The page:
Our group of boys in the ‘ulu’ (remote hinterland) of the late 50s through to the 60s had to be contented with our surroundings as our playground and source of entertainment as well as joy.

In the absence of toys, gadgets, cinemas and other entertainment items the urban centres could offer to their counterparts, rural kids then needed to be constructive and creative to fully optimise their environmental attributes for entertainment, fun and most of education.

After all play is a very important aspect of education — this is extensively covered in Psychology of Education, a subject taught to trainee teachers in colleges and universities where theories by the likes of Sigmund Freud, BF Skinner, Jean Piaget, Ivan Pavlov and Abraham Maslow were featured.

I was born and bred in the carefree ‘ulu’ environment and befriended trees, plants, rivers, streams, hills and mountains from early childhood. They were part of me, I them.

Shrieks of monkeys, howls of civets, deer and bears as well as different singing tunes of birds, croaks of frogs and many more jungle sounds were music to my ears. Only the whining of mosquitoes caused nuisance.

From early childhood ‘ulu’ kids are trained to distinguish edible plants, creepers, mushrooms and others. We are taught about the necessary knowledge and secrets of the flora and fauna. We learn to live and move around in oneness with them.

We are familiar with the sometimes unfriendly weather, scary environment. We would see slowly grey clouds in the sky spreading their skirts open, wider and wider, and soft rain beginning to fall.

It starts quietly and gently caressing the warm air, kissing all the dark corners of the day or night, slowly and later increases its tempo, changing into a driving, pounding storm, fierce and demanding, a fanatic beat in a steady savage rhythm, plunging down harder and harder, until it finally explodes in a burst of thunder.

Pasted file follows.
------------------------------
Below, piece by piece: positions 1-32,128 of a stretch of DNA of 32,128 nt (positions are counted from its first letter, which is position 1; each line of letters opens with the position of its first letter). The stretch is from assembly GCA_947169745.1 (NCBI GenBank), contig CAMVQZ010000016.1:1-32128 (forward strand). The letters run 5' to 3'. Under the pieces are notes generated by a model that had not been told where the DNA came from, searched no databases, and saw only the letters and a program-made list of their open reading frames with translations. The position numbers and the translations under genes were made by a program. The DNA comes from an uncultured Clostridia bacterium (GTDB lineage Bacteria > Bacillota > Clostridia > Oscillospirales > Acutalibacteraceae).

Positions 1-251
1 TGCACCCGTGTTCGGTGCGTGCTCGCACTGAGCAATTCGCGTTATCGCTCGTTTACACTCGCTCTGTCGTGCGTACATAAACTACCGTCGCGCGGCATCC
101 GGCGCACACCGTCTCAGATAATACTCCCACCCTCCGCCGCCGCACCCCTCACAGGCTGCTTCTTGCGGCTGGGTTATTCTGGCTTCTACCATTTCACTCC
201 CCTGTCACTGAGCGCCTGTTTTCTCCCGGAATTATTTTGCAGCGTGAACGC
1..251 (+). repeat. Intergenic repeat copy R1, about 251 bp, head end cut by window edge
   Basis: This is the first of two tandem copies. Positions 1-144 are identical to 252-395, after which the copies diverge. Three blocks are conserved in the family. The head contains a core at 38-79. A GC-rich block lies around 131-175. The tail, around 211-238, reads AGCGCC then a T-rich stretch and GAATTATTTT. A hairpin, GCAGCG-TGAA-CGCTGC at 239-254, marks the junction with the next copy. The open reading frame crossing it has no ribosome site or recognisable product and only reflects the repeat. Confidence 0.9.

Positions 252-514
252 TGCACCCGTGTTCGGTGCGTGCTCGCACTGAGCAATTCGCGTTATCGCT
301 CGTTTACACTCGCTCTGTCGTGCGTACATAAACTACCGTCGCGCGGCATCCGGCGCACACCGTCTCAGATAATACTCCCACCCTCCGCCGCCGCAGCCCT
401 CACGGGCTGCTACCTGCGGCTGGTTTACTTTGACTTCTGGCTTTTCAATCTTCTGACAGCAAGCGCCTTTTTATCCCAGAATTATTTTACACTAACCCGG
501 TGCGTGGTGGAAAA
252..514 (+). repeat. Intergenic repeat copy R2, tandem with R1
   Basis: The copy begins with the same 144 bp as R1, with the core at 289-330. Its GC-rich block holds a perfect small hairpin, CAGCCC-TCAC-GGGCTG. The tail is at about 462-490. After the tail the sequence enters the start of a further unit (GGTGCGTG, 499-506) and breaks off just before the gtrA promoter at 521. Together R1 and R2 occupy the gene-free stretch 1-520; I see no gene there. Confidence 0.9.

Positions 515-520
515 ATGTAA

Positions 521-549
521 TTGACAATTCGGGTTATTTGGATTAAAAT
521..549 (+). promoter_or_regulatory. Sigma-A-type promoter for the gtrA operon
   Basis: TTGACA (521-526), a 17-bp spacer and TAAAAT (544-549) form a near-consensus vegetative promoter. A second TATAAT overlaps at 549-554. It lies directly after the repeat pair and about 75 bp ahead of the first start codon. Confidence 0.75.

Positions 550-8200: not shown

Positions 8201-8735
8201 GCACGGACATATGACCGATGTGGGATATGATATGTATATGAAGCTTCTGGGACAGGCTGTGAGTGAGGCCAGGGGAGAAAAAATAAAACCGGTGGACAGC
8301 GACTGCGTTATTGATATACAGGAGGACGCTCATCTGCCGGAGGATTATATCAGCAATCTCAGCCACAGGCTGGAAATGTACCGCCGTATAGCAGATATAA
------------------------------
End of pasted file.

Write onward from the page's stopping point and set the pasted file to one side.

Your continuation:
There are times when it would suddenly be over as quickly as it started. These are phenomena of the ‘ulu’.

Streams and the upper reaches of Melupa River were my childhood’s favourite hunting ground. From the age of eight I was brought by my parents away from the longhouse and enjoyed the freedom of living at the edge of the jungle.

I was left alone to traverse over the fast flowing upper Melupa and its tributaries, especially Sungai Tapang stream and a few other smaller streams near our Bukit Tinggi abode.

Fishing was my passion, especially using the fishing rod and ‘mansai’ (using a special woven basket to trap fish, crabs and prawns) which is essentially a feminine pastime.

Play makes the child adjust faster to his environment, reinforcing his id and libido pertaining to the adrenalins of fright and fight, Freud points out in one of his many books. One of his quotes reads, “Unexpressed emotions will never die. They are buried alive and will come forth later in uglier ways.”

As young adults and living in the jungle, ‘ulu’ boys are free to roam and run, even indulging in a game ‘teruan’ (hide and seek) in the width and depth of the jungles among trees and wild animals and sometimes unfriendly streams.

This play is vital in shaping our sharpness in jungle tracking and looking for clues of directions. That is why ‘ulu’ boys are natural scouts and trackers and I think Freud scores highly in his aforesaid quote pertaining to Iban boys of Melupa.

One pool, Lubuk Muney, was my favourite fishing ground. One afternoon I caught more than 10 of a fish species called ‘Ikan Pait’, a kind of carp with black and white scales which is rarely caught using a fishing rod.

“You are really something Tawi. I have been fishing all my life but I have never caught ‘Ikan Pait’ using a rod. They usually avoid taking the bait,” my father (Apai) said.

On another occasion at Lubuk Muney I was accompanied by a nephew Endawi Anggun. A few big Ikan Tebalang, forever the hungry fish, were already caught when a giant Ikan Tunggal carp appeared with its head about the size of the 14kg gas tank heading towards us as if paying homage to me and Endawi.

Accompanying their king or queen were myriad of smaller Ikan Tunggal, most of which were about the size of our limbs. The giant fish stayed immobile for at least five to seven minutes, seemingly waiting to be fed.

I just watched — immobile too. I knew Ikan Tunggal took no bait so upon the giant’s appearance I reserved my bait as my string and hook were too small for them. When they finally moved away, the Tebalang came back and we caught a few more.

I am wondering whether anyone else besides the two of us have ever encountered that giant of a fish in the Melupa.

“Endawi is the witness to the event and as insurance you are not lying about it,” Apai said, adding that I was the main target of such spectacle.

I always cherish my ‘ulu’ experience.

The views expressed are those of the author and do not necessarily reflect the official policy or position of the New Sarawak Tribune.